- All consumers who are currently eligible to receive a refund must be offered a cash refund when their flight or holiday is cancelled. This will ensure that valid refund requests are honoured and repaid within the applicable statutory period, via a simple, clear and easily accessible process.
- A credit note/voucher may be offered as an alternative but not sole option when a flight or holiday is cancelled. These vouchers must also be time-limited, with a full refund provided at the end of the term, with terms and conditions clearly and proactively communicated. This will guarantee that consumers will get their money back should they not want to re-book one of the holidays on offer within the prescribed period.
- Airlines must be supported throughout the outbreak and effectively held to account when failing to offer and issue refunds for cancelled flights. This will ensure refunds, both directly to passengers and to travel agents and tour operators, are honoured. The Government and Civil Aviation Authority (CAA) should take action where necessary.
- The statutory 14-day refund period for package holidays should be temporarily extended to a maximum of one month, and all credit notes/vouchers must be insolvency protected. This will provide industry with additional flexibility to manage its workload and cash flow while also giving consumers confidence that they will get their money back should their provider collapse.
- A temporary Government Travel Guarantee Fund should be established. This will provide funding to support travel companies which, as a result of coronavirus cancellations, are unable to fulfil their responsibilities to holidaymakers under the Package Travel and Linked Travel Arrangements Regulations.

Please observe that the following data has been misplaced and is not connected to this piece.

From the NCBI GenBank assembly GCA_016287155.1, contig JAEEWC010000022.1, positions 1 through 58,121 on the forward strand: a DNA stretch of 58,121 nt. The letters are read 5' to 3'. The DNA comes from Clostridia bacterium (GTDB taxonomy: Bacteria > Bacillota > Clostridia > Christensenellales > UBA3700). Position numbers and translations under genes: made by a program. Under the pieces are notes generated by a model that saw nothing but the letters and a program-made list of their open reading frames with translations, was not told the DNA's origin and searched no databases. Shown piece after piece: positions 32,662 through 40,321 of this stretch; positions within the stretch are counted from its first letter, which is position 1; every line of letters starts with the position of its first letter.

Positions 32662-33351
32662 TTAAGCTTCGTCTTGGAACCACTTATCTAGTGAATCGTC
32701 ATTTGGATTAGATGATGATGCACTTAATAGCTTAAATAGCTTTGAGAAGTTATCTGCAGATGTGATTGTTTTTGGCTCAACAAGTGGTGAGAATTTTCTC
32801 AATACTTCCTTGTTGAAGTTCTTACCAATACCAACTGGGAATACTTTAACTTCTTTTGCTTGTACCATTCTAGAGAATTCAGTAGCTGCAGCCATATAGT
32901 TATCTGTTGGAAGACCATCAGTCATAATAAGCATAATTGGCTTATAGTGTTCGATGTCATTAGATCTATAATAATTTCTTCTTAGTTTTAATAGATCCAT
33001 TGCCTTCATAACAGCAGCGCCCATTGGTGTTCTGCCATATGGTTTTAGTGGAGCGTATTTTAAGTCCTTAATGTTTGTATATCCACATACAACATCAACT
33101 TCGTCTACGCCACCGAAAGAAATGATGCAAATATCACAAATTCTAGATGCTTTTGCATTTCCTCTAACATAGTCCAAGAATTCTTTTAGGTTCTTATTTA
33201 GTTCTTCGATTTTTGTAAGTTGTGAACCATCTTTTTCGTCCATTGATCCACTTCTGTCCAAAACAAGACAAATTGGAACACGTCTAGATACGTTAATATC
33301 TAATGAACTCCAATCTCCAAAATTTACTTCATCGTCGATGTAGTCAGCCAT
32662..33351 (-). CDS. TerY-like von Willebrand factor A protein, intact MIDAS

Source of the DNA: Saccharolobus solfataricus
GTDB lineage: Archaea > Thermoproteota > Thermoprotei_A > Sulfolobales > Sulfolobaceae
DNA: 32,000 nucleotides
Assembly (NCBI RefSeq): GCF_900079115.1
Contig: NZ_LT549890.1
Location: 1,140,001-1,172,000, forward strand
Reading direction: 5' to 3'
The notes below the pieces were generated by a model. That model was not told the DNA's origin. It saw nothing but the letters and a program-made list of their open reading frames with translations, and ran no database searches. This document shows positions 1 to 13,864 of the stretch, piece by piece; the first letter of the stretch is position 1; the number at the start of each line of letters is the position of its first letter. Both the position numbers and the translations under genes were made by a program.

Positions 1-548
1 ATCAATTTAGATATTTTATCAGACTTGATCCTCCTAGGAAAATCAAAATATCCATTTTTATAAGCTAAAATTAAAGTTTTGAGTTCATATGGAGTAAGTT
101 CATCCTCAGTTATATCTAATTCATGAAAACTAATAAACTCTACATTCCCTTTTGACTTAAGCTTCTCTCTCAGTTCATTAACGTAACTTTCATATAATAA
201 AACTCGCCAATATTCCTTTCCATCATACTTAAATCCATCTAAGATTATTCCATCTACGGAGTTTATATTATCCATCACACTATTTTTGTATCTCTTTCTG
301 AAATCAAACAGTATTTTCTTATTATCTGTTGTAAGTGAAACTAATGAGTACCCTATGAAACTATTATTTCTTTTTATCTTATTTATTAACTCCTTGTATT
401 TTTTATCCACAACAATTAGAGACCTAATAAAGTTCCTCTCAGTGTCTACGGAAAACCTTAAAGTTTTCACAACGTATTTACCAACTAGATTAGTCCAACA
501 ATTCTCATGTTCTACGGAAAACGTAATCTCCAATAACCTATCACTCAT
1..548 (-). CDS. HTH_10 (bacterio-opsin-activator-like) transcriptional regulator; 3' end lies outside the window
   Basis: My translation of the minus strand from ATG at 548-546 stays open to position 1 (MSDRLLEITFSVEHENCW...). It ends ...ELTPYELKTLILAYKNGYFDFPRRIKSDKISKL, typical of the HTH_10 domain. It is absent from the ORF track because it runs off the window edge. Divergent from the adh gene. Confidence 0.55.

- All Foreign Office travel warnings should be extended to a definitive date. This will ensure that travellers have clarity around refunds, rebooking or claiming on insurance. These dates can be reviewed if needed.
- Travel insurance terms and conditions should be more transparent and clear with customers signposted to relevant parts of their insurance policy booklets. This will make it easier for policyholders to know if they are covered and will help customers to find out what they need to know as quickly as possible, providing specific answers to their questions.
- Time-limits on making claims should be relaxed. This will help customers who are struggling to get in touch or communicate with travel companies as a result of the pandemic.
- Insurers should extend existing travel insurance policies, where relevant, to ensure the customer remains protected when stranded abroad. This will help those who cannot get home because of government-issued advice or restrictions on travel imposed by governments (i.e. through no fault of their own).
- Insurance providers must work more closely with the travel industry and the government to ensure that all information given to consumers about how and when to claim is clear and consistent. This will stop people from being passed between providers and ensure they know who to contact when, for example, seeking reimbursement from their provider before turning to their insurer.